Regina, Saskatoon city councils approve funding for potential world junior championship

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Regina and Saskatoon one step closer to potentially hosting IIHF world junior championship
Regina city council and Saskatoon city council both approved funding requests for a potential IIHF world junior championship – Apr 1, 2022

Regina and Saskatoon are one step closer to potentially hosting the International Ice Federation Hockey (IIHF) 2023 world junior championship after both city councils approved funding requests.

Tourism Saskatoon and Tourism Regina announced earlier this week that they are planning to submit a joint-bid proposal to host the tournament.

IIHF is looking for a location to host the event that takes place from Dec. 26, 2022, to Jan. 5, 2023, after they revoked Russia’s hosting rights due to the invasion of Ukraine.

Regina City Council members voted 8-1 to approve a $350,000 funding request.

The one abstaining vote, Ward 9 councillor Jason Mancinelli, said he voted against as an April fools joke.

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“I wouldn’t really vote against it so this is really lame attempt at an April fools joke,” Mancinelli said. “I’m totally for it.”

Saskatoon city council voted unanimously to approve a similar $350,000 funding request.

Tourism Saskatoon CEO Stephanie Clovechok said she didn’t have any doubts about funding being approved.

“I think that it’s very obvious in the way that our administration came together in collaboration with City Council and the way that they were willing to see this through,” Clovechok said.

A core group of 15 people have been meeting multiple times a day and gathering information over the last few days to make this proposal a reality for the province.

The funding approval will be added to the bid for the IIHF to line up with their requirements to host a Hockey Canada tournament.

“We have to demonstrate all levels of government’s funding, corporate sector sponsorship, and all the details that are required for our destination,” Clovechok said.

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There is some competition for the hosting rights coming from other major cities such as Winnipeg, Ottawa, Quebec City and Halifax.

However, with dual city collaboration, many believe Regina and Saskatoon’s bid will be hard to turn down.

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“The way in which we host events which over and over and over again are recognized as world class if not, definitely some of the best in Canada, that I think we can pull it off,” Regina Mayor Sandra Masters said Friday.

“Hockey runs through our veins in Saskatchewan,” Saskatoon Mayor Charlie Clark said.

“We have no doubt that when we have a chance to have the best junior teams in the world and the best players in the world come together, people are going to be really excited to come and watch and cheer on Canada,” Clark added.

The business plan and event bid submission to Hockey Canada are due on April 4.

“We really want to bring this home to Saskatchewan so we’re gonna be really integrated with one another over the next few days so we put our best foot forward on behalf of the province on Monday,” Clovechok said.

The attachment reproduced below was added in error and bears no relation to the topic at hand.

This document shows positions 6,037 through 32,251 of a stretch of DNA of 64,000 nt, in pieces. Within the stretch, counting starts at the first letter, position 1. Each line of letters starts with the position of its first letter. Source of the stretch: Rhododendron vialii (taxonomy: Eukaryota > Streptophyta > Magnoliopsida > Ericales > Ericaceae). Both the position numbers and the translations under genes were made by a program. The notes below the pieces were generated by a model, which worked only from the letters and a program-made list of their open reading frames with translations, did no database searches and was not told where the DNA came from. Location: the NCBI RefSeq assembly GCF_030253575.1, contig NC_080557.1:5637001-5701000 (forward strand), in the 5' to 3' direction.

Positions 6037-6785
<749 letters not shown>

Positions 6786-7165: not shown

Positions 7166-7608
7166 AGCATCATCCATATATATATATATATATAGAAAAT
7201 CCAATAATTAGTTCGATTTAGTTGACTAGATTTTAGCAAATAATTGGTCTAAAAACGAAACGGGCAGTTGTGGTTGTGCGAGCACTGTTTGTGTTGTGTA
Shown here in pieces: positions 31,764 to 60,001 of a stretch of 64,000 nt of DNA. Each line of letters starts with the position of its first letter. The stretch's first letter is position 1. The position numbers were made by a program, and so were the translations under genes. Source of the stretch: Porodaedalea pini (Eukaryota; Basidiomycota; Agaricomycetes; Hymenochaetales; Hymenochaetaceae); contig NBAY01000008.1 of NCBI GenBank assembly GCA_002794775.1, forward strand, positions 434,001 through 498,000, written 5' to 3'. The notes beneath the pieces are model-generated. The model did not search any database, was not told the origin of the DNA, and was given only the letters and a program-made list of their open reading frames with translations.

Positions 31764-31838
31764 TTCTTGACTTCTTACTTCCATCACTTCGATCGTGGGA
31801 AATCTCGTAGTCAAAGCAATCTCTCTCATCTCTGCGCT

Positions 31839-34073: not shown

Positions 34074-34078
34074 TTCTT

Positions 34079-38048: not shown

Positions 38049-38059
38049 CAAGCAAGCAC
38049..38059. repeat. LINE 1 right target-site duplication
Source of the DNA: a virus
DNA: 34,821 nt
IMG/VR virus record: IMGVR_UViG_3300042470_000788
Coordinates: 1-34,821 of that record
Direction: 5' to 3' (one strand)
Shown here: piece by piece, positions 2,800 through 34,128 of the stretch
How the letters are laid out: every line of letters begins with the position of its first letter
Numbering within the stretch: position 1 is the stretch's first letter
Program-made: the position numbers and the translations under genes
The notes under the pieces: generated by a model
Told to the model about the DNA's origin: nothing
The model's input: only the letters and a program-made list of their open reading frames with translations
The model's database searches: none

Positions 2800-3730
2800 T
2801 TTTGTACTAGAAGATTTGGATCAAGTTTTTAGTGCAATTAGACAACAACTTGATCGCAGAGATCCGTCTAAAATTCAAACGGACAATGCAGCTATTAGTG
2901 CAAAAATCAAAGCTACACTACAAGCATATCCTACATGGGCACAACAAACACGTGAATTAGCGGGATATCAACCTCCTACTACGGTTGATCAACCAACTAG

An official decision on where the event will be hosted is expected on April 25 and April 26.

When both cities last hosted the world junior championship in 2010, Regina city council provided $250,000 in funding and Saskatoon city council allocated $500,000.

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If the two cities win the bid this year, Regina is expected to lobby to host some pre-tournament games and the Pool B games whereas Saskatoon is expected to host Pool A games and medal games.

Tourism Regina and Tourism Saskatoon said there is also potential for some games to be held in municipalities such as Swift Current, Moose Jaw and Prince Albert.

Regina Exhibition Association Limited (REAL) president and CEO Tim Reid explained SaskTel Centre in Saskatoon is larger than the Brandt Centre in Regina, therefore they can sell more tickets.

“When we requested equal funding this was our request of the City of Regina to say ‘let’s make a statement as a province and two cities that we want this to come here,’” Reid said.

“I think that any notion that ‘hey Team Canada if they make the final that will be in Saskatoon’ is not as important as the entire three-week experience,” Masters added.

“I think you heard from council in terms of activating the entire city, I think this something that the City of Regina will completely wrap it’s hands around.”

While the size of the Brandt Centre may not help Regina get Pool A games, Reid said it does help the overall bid for the tournament since it’s cheaper to rent compared to an NHL arena.

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REAL has been looking into the possibility of building a new arena in the future.

”As thrilled as I am to host the B pool in Regina I hope I never have to host the B pool in the world juniors ever again in Regina. Our hope going through the process with the Brandt Centre is that we build a world class competitive mid-sized multipurpose event centre here in Regina,” Reid said.

As for potential ticket sales and tourism opportunities, Reid said the impact of this opportunity “should not be missed.”

“This is literally compressing an entire CFL home schedule in one month and that’s pretty spectacular if you think about what that will do for the economics of this province.”

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